Make sure that you spend enough time playing with her. They are still rare and therefore not that popular, but thanks to their large size, strength, and friendly nature they will soon be well known and popular. So far, the Ragamuffin is a very uncommon breed.

5. Sokoke

Country of Origin: Kenya

The Sokoke is one of the rarest exotic cats, and their origin tracks back to Kenya. There weren’t any kind of genetic mutations, but this breed came to be from natural breeding. The Sokoke is known for being extremely peaceful and easy-going, and she is best known by the people of Kenya as the free-roaming cats along the coastal region of the country. They have a vibrantly striped coat.

4. Minskin

Country of Origin: USA

The Munchkin cat is is often seen as a feline version of a Dachshund, because of it’s short, sturdy, and little legs and low-slung torso. Just like the Manx and the Cornish Rex, the Munchkin arose from a spontaneous genetic mutation. Their short legs are caused by an autosomal dominant gene, which caused the long bones in their legs to grow shorter. Interestingly, a cat only needs one copy of the gene to inherit short legs, and to pass the trait along to its kittens.

The Munchkin gene is sometimes called the ‘lethal’ gene because if a Munchkin cat embryo receives one of these genes from each parent, it won’t survive. This is the main reason why breeders don’t mate two short-legged Munchkin cats together.

The Minskin was made from a cross between the Munchkin and the Sphynx. The Minskin has the hairless body of the Sphynx, and the short stature of the Munchkin. These hairless cats are known for being compact, and above everything else, for being friendly.

3. Korat

Country of Origin: Thailand

This ancient breed is originally from Thailand and the earliest records go up to 1350. The Korat was first mentioned in The Cat-Book of Poems or Smud Khoi of Cats, written by Ayudhya Period of Siamese History (1350-1767). According to this book, the Korat is one of the good luck cats of Thailand.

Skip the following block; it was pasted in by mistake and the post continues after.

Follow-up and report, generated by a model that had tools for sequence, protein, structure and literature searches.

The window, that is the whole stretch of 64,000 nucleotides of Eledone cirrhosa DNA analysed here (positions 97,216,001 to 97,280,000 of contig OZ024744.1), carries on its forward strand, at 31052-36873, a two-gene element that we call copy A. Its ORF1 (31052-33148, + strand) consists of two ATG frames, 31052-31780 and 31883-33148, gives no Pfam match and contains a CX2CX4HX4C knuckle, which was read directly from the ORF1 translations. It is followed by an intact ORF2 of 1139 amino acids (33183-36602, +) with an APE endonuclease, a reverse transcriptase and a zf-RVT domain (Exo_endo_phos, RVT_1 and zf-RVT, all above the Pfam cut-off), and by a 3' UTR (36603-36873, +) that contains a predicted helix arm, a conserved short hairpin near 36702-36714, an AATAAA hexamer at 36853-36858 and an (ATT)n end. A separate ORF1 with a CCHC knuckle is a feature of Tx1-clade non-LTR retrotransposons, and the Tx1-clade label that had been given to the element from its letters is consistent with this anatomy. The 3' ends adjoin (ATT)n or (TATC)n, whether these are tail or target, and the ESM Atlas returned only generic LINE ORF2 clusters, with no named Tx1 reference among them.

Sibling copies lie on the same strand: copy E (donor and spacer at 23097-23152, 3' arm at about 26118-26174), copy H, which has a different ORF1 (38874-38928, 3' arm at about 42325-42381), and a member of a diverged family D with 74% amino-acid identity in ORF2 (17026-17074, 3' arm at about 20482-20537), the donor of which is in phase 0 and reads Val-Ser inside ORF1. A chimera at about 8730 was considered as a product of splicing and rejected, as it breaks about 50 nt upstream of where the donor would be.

Interestingly, Korat only comes in one color, most commonly described as a silver-tipped blue. According to some records, the Korat was first seen in England in the 1800s, and as solid blue Siamese cats. When it comes to the States, the first pair of Korats were imported in 1959.

Korats have a mind of their own and they like to be in charge, and in a certain way they love to the ruler of the house. However, they love to learn new tricks and they like to go outside, and even walk on a leash.

2. Ojos Azules

Country of Origin: New Mexico

When translated from Spanish ‘ojos azules’ means ‘blue eyes’, and this breed is known for this unique appearance. The population of this breed is small, and they are not well-known besides the blue eyes trait. They were discovered in New Mexico in 1984, and according to some cat owners they are active, affectionate, and friendly.

Because of their blue eyes and nimble appearance they are easy to be recognized. Moreover, since the gene for the blue eyes in not restricted to any coat color or even pattering, it can appear in any cat at any time.

In general, they possess a lean body structure, long legs, and a slightly rounded forehead with a wedge-shaped head. Also, their coat is usually short and easy to maintain with regular grooming.

They usually live for 15 years, their character is playful and active, with a keen hunting instinct and amazing climbing capabilities.

1. Burmilla

Country of Origin: United Kingdom

Yes, this cat looks glamorous as it sounds, with a shiny and a silvery coat, and with markings resembling eyeliner. This breed was unplanned, and it was an outcome as a combination of a Burmese and a Persian. This cat is difficulty found in the States but has been gaining popularity within Great Britain, where it can be found.

This may sound funny, but it’s a true story: in the late 1980s a janitor left a door open and two kittens (a Burmese and a chinchilla Persian) met, and their meeting resulted in Burmilla. Their offspring was so desirable and adorable that soon after the Burmilla came to be a new breed in the cat world.